NCPA - National Center for Policy Analysis


October 21, 2009

Of the nine people who shared this year's Nobel Prizes in chemistry, physics and medicine, eight are American citizens, a testament to this country's support for pioneering research.  But those numbers disguise a more important story.  Four of the American winners were born outside of the United States and only came here as graduate or post-doctoral students or as scientists.  They came because our system of higher education and advanced research has been a magnet for creative talent, says Susan Hockfield, President of Massachusetts Institute of Technology (MIT).

Unfortunately, we cannot count on that magnetism to last.  Culturally, we remain a very open society. But that openness stands in sharp contrast to arcane U.S. immigration policies that discourage young scholars from settling in the United States, says Hockfield.

Those policies come at a high price.  Graduate and postgraduate student immigrants are essential to creating new, well-paid jobs in our economy, explains Hockfield:

  • Of the 35 young innovators recognized this year by Technology Review magazine for their exceptional new ideas, only six went to high school in the United States.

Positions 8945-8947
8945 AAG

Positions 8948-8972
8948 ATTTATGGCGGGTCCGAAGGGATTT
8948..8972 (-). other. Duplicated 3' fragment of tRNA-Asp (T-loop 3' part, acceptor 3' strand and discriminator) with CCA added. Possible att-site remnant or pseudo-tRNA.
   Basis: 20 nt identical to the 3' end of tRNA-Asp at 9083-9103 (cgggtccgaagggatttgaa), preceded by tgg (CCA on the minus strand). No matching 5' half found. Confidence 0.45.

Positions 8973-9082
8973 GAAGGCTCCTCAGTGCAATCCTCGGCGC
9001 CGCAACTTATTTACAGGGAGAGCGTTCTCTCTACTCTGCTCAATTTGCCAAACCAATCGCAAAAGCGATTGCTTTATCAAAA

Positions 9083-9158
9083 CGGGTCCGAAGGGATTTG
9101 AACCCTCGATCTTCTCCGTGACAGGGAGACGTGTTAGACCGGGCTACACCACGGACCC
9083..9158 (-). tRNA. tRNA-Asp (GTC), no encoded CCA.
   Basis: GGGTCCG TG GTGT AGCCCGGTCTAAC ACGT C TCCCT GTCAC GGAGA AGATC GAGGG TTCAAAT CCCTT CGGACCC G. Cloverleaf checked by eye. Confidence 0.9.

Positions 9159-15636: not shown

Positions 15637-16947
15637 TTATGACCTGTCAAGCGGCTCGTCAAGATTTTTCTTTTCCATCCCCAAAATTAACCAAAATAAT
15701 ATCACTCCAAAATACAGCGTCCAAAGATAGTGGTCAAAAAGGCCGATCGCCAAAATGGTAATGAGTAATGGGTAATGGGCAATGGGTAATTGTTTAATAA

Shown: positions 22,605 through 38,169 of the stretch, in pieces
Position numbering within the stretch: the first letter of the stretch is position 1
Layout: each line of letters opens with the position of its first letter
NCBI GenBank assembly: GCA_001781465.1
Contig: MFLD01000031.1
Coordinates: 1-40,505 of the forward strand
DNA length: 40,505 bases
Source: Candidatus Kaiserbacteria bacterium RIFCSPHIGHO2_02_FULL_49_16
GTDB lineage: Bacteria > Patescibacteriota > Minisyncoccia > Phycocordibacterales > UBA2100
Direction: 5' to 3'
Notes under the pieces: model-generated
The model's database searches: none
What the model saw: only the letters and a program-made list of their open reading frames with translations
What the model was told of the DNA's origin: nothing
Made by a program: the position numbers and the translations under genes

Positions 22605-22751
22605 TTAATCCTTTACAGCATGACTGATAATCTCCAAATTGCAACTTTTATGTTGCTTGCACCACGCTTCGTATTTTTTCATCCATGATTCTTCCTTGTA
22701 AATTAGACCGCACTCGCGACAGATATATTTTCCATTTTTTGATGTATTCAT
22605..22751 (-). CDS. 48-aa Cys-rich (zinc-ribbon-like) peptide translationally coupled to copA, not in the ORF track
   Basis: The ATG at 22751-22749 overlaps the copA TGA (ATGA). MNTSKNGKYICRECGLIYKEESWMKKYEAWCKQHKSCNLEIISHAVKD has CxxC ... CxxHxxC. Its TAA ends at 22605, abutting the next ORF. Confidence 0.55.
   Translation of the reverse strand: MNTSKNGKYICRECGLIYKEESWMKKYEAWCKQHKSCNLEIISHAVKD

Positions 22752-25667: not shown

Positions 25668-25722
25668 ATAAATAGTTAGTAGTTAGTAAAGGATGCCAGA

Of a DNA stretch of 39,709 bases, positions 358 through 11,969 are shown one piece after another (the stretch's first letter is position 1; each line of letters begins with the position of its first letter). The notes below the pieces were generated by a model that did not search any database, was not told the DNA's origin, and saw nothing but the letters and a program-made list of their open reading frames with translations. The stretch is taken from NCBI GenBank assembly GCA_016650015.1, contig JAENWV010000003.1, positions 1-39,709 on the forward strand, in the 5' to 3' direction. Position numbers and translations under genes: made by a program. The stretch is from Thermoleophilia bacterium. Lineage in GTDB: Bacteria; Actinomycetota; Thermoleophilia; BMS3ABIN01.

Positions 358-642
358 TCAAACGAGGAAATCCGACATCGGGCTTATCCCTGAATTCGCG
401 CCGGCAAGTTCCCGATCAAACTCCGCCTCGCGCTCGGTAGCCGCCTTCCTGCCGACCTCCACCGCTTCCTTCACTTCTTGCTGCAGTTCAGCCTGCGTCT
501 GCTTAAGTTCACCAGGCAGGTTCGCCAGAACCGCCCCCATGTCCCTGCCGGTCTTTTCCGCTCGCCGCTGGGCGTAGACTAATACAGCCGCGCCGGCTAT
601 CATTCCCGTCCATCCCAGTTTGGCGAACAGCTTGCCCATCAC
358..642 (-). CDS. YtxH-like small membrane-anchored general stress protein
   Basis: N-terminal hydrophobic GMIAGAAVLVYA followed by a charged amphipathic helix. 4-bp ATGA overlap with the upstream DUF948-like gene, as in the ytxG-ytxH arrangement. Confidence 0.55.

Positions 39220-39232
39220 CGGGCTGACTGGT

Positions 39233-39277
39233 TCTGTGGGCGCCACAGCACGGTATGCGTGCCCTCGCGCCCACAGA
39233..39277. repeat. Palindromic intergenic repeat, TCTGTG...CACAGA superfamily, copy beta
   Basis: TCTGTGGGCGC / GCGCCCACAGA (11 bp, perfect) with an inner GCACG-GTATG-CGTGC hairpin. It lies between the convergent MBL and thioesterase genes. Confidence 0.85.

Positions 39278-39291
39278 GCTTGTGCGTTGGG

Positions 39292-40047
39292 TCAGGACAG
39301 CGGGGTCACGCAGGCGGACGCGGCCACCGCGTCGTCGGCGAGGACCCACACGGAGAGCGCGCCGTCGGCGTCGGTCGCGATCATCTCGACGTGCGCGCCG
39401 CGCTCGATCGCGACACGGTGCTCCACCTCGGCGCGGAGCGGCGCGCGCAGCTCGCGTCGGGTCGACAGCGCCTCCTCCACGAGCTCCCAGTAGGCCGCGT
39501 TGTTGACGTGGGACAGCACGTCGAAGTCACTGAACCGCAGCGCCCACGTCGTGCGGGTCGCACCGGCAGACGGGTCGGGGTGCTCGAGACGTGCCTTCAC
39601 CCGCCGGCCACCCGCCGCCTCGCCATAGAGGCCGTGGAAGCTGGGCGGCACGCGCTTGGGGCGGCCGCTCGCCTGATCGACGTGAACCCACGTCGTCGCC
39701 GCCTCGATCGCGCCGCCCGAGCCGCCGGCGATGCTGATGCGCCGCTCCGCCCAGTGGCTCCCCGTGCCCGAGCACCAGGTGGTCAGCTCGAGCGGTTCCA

• From MIT alone, foreign graduates have founded an estimated 2,340 active United States companies that employ over 100,000 people.

Amazingly, if as incoming students they had told U.S. immigration authorities that they hoped to stay on as entrepreneurs after graduation, they would have been turned back at the border.  Our immigration laws specifically require that students return to their home countries after earning their degrees and then apply for a visa if they want to return and work in the United States.  It would be hard to invent a policy more counterproductive to our national interest, says Hockfield.

If the United States was the only country in the world that offered scholars scientific freedom, a cumbersome immigration process might not be that harmful.  But the world today is teeming with well-funded opportunities to do first-class science.  To be competitive, the United States needs to send the unmistakable message that we want scholars to stay, says Hockfield.

To do that we need the kind of broad new immigration policy that would allow foreign students who earn advanced degrees in science, technology, engineering and math to easily become legal permanent residents, says Hockfield.

Source:  Susan Hockfield, "Immigrant Scientists Create Jobs and Win Nobels ," The Wall Street Journal, October 19, 2009.


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